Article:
If you're a DIY or creative blogger, I've compiled a list of 30 different companies that will work for your audience. I've highlighted the percentage they pay as well as some of the opportunities they have. This is the list I wish I had when I first started blogging!

Get My FREE Workbook


Being an affiliate for a company you LOVE is a win-win-win: a win for the company you're promoting because you've given them a sale, a win for your readers and friends because they get to enjoy an awesome product, and a win for you because you're able to make an income and keep your business growing!
What are your favorite affiliate programs? Share away in the comments! :)
Have a lovely {and creative} day!

P.S. Don't forget to download your free guide to the best affiliate programs for DIY and creative bloggers by clicking here.

The post The Best Affiliate Programs for DIY Bloggers appeared first on Little Girl Designs.

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How to Make a Simple Art Journal Cover Mon, 15 May 2017 11:00:54 +0000 Learn how to make an art journal cover with this sponsored post by DaySpring; the tutorial and opinions are my own. To learn more about DaySpring's Illustrated Faith line, please click here.

Usually when we think about art journaling, we picture the insides of the journal—pages filled to the brim with paint, color, and words. But don't discount the outside covers of your art journal. The front and back covers are blank canvases in their own right. Since they're made of thicker paper—usually cardboard—you can add paint and layers without worrying about warping the pages.

DaySpring (the company that sent me the supplies used in this tutorial) now has an entire line of scrapbook papers, stickers, washi, and all kinds of art journaling and creative goodness. Whether you've hopped on the Bible journaling train, enjoy art journaling in a sketchbook, or are a scrapbook maven, there's something for you. It literally felt like Christmas the day I received this box. I'll walk you through some of the supplies they offer and then dive into the tutorial.

A Brief Tour of Illustrated Faith Goodness

The prettiest washi I've ever seen. 

Lots of papers and stickers to choose from for my art journal cover. These are from the Whatever is Lovely and She Blooms collection.

So many decorative pieces to add to artwork, journals, cards, and more! I'm definitely going to be making some homemade cards with these.

A closer look at the sticker page, because the tabs are so cute!

I love how bright, vibrant, and encouraging their products are. There are so many projects I could use this collection on, but let's get to the art journal cover tutorial for today. :)

How to Make a Simple Art Journal Cover
You will need:

One sketchbook (I use Canson Mix Media Journals)
White gesso or white acrylic paint
Paintbrush (or foam brush) for gesso
Watercolors (or acrylics—see "Note for Newbies" below*)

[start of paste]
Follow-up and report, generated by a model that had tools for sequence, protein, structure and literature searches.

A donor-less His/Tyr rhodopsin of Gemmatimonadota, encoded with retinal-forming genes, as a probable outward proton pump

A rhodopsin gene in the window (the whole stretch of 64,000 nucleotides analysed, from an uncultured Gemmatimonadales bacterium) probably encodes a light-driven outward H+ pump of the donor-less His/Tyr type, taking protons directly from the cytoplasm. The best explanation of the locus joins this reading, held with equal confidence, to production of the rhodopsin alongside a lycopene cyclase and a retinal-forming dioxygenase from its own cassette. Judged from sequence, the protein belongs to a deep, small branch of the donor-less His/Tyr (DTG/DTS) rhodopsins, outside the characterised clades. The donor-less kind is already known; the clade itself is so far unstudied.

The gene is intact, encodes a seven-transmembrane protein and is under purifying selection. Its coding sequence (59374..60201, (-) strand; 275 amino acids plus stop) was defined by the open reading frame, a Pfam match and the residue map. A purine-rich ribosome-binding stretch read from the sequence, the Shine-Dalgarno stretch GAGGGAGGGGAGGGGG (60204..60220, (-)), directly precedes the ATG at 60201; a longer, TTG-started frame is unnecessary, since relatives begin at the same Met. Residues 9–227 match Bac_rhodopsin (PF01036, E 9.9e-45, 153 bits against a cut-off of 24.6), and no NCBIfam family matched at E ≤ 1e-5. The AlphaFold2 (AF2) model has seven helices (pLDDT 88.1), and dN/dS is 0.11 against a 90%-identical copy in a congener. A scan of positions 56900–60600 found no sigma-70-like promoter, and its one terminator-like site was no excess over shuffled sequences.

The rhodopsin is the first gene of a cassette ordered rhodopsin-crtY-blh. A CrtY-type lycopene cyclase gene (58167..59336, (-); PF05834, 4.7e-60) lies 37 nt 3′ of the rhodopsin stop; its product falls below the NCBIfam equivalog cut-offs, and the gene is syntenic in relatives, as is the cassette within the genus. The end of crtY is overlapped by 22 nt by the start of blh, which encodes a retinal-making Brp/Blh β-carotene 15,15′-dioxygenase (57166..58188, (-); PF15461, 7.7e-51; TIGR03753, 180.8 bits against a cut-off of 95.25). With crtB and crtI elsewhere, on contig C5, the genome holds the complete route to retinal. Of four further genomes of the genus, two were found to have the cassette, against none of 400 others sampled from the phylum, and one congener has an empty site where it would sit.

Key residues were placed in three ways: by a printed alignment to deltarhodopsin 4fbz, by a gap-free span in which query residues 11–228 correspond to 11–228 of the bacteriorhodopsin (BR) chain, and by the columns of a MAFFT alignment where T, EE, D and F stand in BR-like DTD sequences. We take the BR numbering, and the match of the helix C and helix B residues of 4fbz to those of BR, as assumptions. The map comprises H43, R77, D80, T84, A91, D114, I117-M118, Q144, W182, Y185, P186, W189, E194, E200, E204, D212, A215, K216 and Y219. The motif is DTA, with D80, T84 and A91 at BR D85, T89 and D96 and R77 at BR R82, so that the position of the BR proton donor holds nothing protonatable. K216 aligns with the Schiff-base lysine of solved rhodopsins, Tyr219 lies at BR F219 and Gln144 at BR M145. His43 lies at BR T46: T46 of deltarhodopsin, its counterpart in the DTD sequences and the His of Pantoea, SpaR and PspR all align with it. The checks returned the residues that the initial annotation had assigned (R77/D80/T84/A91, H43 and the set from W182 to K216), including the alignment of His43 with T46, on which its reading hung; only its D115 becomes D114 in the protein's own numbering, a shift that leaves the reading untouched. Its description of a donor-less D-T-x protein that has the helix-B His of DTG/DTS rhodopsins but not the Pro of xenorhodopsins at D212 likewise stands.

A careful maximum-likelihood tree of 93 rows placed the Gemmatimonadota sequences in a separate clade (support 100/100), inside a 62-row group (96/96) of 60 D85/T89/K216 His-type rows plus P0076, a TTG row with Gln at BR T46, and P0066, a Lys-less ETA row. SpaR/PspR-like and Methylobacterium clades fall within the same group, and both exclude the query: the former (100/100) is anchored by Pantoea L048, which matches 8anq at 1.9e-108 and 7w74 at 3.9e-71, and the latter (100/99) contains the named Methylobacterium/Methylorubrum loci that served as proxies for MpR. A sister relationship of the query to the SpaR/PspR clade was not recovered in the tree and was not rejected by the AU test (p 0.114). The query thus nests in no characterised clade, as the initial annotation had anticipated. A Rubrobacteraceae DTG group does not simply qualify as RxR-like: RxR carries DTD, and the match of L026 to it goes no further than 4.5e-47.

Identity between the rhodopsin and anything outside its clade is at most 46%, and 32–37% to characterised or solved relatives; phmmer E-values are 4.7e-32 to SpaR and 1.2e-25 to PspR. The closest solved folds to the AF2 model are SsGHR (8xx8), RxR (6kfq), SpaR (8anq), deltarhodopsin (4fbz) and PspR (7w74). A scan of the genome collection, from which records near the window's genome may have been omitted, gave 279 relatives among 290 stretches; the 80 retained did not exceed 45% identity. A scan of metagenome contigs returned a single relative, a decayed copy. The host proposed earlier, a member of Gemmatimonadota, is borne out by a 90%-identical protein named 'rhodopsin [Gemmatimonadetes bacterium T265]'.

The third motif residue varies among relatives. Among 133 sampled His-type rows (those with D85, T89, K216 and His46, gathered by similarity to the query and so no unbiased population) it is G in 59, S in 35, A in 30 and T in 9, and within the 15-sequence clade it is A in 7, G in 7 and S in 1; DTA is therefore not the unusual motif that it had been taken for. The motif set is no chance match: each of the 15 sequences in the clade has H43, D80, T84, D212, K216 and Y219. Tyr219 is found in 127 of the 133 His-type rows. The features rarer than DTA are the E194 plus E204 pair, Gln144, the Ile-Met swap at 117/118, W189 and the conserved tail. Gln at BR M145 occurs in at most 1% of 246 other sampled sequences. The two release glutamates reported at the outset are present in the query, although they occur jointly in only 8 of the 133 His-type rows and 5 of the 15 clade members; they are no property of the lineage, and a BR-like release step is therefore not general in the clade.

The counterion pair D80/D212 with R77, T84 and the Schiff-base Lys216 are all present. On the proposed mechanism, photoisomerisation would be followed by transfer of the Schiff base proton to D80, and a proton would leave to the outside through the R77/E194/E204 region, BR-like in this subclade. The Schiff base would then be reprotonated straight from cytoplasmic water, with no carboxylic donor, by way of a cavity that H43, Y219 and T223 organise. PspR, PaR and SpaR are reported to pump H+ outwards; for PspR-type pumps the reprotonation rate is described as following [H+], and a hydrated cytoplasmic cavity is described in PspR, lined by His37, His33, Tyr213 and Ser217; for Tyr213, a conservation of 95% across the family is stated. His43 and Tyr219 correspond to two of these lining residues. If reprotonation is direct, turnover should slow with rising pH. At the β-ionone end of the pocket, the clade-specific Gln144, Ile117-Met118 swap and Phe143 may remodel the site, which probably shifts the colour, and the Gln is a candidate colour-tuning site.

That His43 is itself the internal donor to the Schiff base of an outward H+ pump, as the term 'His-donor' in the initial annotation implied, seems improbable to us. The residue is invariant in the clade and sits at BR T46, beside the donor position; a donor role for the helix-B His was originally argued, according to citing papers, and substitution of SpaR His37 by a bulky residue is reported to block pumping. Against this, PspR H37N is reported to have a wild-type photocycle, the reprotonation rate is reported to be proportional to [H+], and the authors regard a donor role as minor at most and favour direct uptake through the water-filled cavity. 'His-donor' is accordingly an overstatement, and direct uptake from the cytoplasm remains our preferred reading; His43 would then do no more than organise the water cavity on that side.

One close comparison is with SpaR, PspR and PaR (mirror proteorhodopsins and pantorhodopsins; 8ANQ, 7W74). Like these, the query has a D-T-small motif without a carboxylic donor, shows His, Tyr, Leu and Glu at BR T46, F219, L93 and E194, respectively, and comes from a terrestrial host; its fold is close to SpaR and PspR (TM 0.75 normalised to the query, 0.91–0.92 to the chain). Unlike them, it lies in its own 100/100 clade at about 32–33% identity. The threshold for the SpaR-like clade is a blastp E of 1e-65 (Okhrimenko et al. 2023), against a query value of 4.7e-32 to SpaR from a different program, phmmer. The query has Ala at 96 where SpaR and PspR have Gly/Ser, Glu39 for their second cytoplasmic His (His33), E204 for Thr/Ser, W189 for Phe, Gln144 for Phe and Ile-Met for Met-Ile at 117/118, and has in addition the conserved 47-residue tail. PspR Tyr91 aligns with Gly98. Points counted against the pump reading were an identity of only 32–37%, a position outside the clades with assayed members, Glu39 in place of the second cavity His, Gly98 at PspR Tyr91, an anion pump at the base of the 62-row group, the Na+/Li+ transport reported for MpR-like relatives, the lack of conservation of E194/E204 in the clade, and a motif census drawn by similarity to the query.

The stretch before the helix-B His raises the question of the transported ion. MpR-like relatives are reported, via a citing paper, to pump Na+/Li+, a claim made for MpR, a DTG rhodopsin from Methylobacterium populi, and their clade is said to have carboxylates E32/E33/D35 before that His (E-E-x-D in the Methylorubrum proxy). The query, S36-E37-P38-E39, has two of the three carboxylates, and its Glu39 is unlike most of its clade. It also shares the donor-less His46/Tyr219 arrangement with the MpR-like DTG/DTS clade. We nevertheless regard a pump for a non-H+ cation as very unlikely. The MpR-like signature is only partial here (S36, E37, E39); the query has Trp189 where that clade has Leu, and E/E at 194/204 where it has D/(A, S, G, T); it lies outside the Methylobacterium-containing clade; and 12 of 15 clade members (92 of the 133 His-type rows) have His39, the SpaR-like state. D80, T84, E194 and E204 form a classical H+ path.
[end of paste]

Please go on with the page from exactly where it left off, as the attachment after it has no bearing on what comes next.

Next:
Watercolor brush
Washi tape
Scrapbook papers
Glue or adhesive
Modge Podge
Black gelly roll pen

Paint one to two coats of gesso on the sketchbook cover. Let dry completely. You might be able to see the cover a bit, but I like that layered look. If you don't, just add more paint. :)

For more texture, use a large brush and load it with gesso before painting. Texture is your friend so don't be afraid to get creative.

Once the gesso is completely dry, pull out the watercolors and paint part of the journal as pictured. This is where your texture will shine. The watercolors will collect in the ridges and add personality to your art journal cover. I like to use really opaque and bright watercolors; you can also get this look by using gouache or even watering down acrylics.

*Note for the newbies: Watercolor and gouache are activated by water. Kind of obvious, but you'll want to keep this in mind if you intend to seal the journal with Modge Podge at the end of this process. If you do want a more matte finished look, I'd recommend using watered down acrylics which won't re-activate when you use Modge Podge on them at the end. Otherwise, you can use a spray fixative or leave as-is.

Let the paint dry completely. Now it's going to get really fun! It's decoration time. :)

Tear a piece of washi and press along the edge of the art journal. Half of the washi will be on the inside flap and half on the outside.

Now it's time to choose what you'd like to have on the front of your journal. It's time to play!

I decided to cut a bird out of one of the scrapbook papers and chose a couple more elements as well. I cut legs out of one of the smaller papers.

Take some time to play around with the placement. Once you get it the way you want, glue the bird down as shown. I also added some pretty heart stickers.

At this point, you have a choice. If you used acrylics, you can seal the project with Modge Podge by painting over each of your paper elements. (If I chose this method, I would wait to add the stickers until the end.) I personally didn't care about sealing, so I glued everything down with adhesive. Modge Podge will dry matte and is a great surface to doodle on and add final details.

Finally, I pulled out my gelly roll pen and added details to the bird and page. You can add additional words, doodles, or whatever you'd like. It's your journal!

(P.S. You can really see how luscious and rich the watercolors are in this picture with the background texture. And those 3D heart stickers—love!)

There you go. Making an art journal cover doesn't have to be difficult. :) In fact, it's a great activity to do on a Friday night when you're winding down from the week.

DaySpring has created all of these paper elements for use in Bible journaling, so you can take this design to the margins of your Bible as well. If you've never heard of the idea of Bible journaling, you've got to check out the Illustrated Faith Instagram account. You'll be so inspired at the possibilities!

I hope this post inspires you to try out art journaling. It's such a great way to express yourself and to keep a record of your life in pictures.

Have a lovely {and creative} day!

P.S. Check out the DaySpring's entire line of creative goodness here. They have so many collections that would make great gifts for you and your friends.

The post How to Make a Simple Art Journal Cover appeared first on Little Girl Designs.